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Non-finite verb

  • September 19, 2015
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Finite verbs need no assistance from other words and can form complete sentences with only a noun, such as “Bob walked,” “horses grazed,” “we sang.” Non-finite verbs, on the other hand, are not used in a subject and single verb predicate scenario. They are not inflected and do not show tense, number, mood, person, aspect or gender. Non-finite verb are also known as “verbals.”

There are three types of non-finite verb: participles, infinitives and


This form is used as an adjective and there are two types, past and present. Past usually ends in -ed, -d, -en, -n or -t; present ends in -ing.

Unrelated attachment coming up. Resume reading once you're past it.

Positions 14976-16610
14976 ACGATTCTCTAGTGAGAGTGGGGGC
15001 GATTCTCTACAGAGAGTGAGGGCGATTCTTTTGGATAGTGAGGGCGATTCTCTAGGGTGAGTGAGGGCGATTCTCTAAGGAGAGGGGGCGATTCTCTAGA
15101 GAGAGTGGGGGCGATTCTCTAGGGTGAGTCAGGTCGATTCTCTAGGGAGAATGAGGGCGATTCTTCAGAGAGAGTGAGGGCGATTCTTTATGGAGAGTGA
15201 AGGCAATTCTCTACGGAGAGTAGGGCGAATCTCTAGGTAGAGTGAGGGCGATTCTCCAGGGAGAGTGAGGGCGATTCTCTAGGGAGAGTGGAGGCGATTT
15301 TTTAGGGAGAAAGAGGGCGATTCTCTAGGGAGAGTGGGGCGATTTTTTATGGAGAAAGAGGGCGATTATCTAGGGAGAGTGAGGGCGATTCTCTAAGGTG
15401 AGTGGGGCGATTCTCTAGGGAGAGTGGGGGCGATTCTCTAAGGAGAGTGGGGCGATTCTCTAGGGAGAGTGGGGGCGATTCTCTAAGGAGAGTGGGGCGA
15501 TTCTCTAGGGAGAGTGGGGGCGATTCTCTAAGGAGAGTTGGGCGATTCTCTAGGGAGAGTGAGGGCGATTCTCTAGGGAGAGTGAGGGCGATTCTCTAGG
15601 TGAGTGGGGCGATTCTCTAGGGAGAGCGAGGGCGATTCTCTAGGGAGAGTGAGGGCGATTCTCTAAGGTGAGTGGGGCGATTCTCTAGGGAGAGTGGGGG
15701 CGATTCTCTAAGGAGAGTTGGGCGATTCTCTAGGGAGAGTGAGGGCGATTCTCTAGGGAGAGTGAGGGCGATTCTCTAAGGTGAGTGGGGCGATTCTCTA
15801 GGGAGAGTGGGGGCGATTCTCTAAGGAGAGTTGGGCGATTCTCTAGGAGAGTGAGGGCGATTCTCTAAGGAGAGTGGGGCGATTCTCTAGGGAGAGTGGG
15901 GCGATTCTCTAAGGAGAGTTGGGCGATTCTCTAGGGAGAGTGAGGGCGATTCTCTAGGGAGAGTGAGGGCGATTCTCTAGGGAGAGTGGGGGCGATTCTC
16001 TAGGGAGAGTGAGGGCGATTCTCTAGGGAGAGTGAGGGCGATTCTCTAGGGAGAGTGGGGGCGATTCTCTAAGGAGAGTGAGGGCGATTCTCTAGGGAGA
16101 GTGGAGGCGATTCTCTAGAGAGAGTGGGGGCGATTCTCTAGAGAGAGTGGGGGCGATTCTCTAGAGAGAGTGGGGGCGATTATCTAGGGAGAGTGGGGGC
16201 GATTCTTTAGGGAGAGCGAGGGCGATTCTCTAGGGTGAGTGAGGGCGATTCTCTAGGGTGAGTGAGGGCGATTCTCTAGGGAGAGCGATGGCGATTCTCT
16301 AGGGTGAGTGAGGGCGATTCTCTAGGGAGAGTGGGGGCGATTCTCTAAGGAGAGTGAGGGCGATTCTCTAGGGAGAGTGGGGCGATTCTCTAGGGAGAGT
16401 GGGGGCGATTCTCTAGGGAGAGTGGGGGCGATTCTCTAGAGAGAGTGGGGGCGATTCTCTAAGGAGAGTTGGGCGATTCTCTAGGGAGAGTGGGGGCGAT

Past: “A penny saved is a penny earned.”

Past: “The frozen popsicle began to drip.”

Present: “The smell of baking cookies drove us mad.”

Present: “The galloping horse began to slow down.”


This form usually follows “to” and can be used as an adjective, adverb or noun.

“Betty likes to dance.”

“I think Freddy is going to propose tonight.”

“Vinnie paid to watch the fight on cable.”


This form ends in -ing and might look like a present participle but it is only used as a noun.

“People like to come here for the camping.”

Fishing is a lovely activity for a summer day.”

“Ed’s favorite evening activity is eating and watching baseball.”

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